by Rita Goldner
As an avid plein air painter, I often find myself on a folding chair on the banks of the Salt River. The landscape itself is picturesque enough, but sometimes I get a bonus. Several small herds of wild horses wander around in the shallow river. Last time I was there, a few weeks ago, I saw 45 horses. I’ve recounted my horse sightings to some friends, and having never heard of or seen the horses, these people assume they are a recent addition to our wildlife assortment. That couldn’t be further from the truth, a ranger told me as he handed me a brochure about the horses’ history. They’ve been here for hundreds of years, long before settlers arrived.
Fifty million years ago, a small animal called Eohippus lived in North America He was the precursor to the modern horse. During the evolution process, most of them wandered over land bridges into Asia and Africa about 12,000 years ago. They were brought back with the Spanish Conquistadors in the early 1500s. Some got loose and joined other escapees from wagon trains, farmers, ranchers, etc. These runaways were of various sizes and shapes, from large draft horses to small ponies. They joined the wild ones, and all evolved into the most efficient size and shape for wild living and foraging, which is the small, tough, and hardy Mustang we see today.
This back–and-forth travelling gives rise to the question: “Are they wild or feral?” Wild means they were always roaming free, whereas feral means they were domesticated, escaped or were let go, and are now free. The different definitions have political ramifications.
Proponents of the “feral” definition say that since the horses’ recent history involved escaping from a domestic life, they should be considered an invasive species, competing with wild game animals and cattle for food. Wild game brings in revenue from hunting licenses, and cattle bring in revenue for the meat industry. There’s no revenue for anyone from the wild horses. Since the numbers of all three species are carefully managed, these people feel every wild horse that is removed or killed gives room for one more deer or cow.
The advocates who endorse the “wild” definition want to take history much further back to a time when all horses were wild animals, running free all over North America. Other coexisting prairie animals were the American camel, saber tooth tiger, and wooly mammoth. All of these have died off; the American horse is the only one still alive today. If we ignore the fact that they left for about 8 centuries and came back, then they surely deserve the “wild” classification and are indigenous.
The divergent viewpoints came together in 1971 as both sides voted to pass the Wild Free-Roaming Horse & Burro Act. This law prohibited the wholesale slaughter of wild horses from helicopters and trucks, for dog meat or for sport. It also regulated and managed the population, declaring it would remain at 1971 numbers, or about 17,000 horses in America. The U.S. Bureau of Land Management (BLM) and the U.S. Forest Service are the agencies that enforce the 1971 Act. They keep the population numbers stable by occasionally rounding up the horses and auctioning them to private owners.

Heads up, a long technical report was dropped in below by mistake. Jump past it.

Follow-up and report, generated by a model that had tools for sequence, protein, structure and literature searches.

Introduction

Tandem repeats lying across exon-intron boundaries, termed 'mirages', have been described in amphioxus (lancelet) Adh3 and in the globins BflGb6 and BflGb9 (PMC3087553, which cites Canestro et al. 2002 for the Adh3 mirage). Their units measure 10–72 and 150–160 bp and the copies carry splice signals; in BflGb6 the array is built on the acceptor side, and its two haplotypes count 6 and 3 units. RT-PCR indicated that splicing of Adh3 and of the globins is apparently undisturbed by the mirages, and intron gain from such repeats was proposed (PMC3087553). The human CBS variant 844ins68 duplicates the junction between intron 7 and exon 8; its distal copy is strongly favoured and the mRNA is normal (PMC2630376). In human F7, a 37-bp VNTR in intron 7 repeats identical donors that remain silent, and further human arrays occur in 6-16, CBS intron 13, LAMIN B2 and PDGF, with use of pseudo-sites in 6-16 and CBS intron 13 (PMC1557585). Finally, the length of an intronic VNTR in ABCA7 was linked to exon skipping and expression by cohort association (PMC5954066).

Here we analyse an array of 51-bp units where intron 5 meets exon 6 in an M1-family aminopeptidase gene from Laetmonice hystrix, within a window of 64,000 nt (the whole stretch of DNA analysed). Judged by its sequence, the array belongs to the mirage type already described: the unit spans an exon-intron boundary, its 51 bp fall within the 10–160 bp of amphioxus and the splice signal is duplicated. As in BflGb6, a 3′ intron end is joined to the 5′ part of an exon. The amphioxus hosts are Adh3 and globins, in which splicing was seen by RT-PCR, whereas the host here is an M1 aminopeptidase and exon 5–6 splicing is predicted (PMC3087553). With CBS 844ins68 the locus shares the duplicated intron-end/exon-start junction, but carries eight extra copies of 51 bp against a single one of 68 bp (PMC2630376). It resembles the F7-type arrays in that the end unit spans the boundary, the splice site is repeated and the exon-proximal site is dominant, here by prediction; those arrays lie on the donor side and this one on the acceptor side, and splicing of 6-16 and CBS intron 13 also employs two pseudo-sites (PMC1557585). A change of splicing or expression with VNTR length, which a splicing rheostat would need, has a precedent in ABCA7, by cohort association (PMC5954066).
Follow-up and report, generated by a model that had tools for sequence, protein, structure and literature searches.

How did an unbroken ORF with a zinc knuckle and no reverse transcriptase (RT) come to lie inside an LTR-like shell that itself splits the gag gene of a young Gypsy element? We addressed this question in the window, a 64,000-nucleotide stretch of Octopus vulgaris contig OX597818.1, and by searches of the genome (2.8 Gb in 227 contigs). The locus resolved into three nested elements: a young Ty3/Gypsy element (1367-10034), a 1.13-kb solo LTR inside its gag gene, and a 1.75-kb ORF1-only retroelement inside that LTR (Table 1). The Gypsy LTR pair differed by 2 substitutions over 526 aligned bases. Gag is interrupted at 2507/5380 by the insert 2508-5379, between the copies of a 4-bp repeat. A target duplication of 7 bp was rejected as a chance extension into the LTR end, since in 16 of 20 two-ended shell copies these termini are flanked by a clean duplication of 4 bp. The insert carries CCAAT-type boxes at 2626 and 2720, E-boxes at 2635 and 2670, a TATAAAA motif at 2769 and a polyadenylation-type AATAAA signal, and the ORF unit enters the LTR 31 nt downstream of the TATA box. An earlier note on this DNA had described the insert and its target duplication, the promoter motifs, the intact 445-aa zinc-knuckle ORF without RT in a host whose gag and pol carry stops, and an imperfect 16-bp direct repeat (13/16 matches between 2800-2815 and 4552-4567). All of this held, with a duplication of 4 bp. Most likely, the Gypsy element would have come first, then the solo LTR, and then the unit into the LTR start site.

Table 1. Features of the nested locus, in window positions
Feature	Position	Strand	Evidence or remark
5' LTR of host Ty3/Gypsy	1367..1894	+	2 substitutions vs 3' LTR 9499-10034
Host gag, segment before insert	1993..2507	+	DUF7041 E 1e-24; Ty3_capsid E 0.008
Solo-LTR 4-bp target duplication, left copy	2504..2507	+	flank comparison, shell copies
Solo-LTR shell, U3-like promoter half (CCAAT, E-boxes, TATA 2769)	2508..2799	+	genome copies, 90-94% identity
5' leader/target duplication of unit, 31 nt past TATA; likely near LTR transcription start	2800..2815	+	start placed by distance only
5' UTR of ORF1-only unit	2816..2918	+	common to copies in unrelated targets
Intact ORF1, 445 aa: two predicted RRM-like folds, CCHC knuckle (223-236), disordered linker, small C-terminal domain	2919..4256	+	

The situation is different for the horses on the Salt River. They’re in the Tonto National Forest, where they’ve lived since long before the Tonto National Forest was designated in 1902. In 2015, the U.S. Forest Service gave notice of a plan to capture, remove, and auction these horses as part of their population control mandate. Local horse lovers jumped into action and formed The Salt River Wild Horse Management Group. They were able to reach an agreement with the Arizona Department of Agriculture. Now, this nonprofit group manages the horses in lieu of the Forest Service. They control the numbers by darting the mares with a birth control vaccine.
Volunteer members of the Management Group patrol the river, cautioning visitors to keep their distance, keep dogs on a leash, and refrain from making loud noises. Kayakers drift by, taking pictures.
Even if the horses don’t show up while I’m painting, I have the company of blue herons, bald eagles, and river otters. I can hardly believe I found such a bucolic place to paint, five miles from a fairly big city (Mesa), but there it is!
Rita Goldner is the author and illustrator of the children’s picture book, Orangutan: A Day in the Rainforest Canopy. Rita has also written and illustrated two eBooks, Jackson’s History Adventure and Jackson’s Aviation Adventure, in the Jackson’s Adventure series.For orangutan facts and images and to purchase the book (also available as an ebook), visit OrangutanDay.com. Or by the Kindle version here. Rita’s newest book, Making Marks on the World: A Storybook for Left- and Right-Handed Coloring, is available for purchase here. Works in progress: H2O Rides the Water Cycle, The Flying Artist, and Rose Colored. To view additional illustrations and Rita’s books in progress, visit Rita’s website. Contact Rita here. Follow Rita on Facebook. Subscribe to Rita’s newsletter, Orangutans and More! and receive a free coloring page of today’s illustration.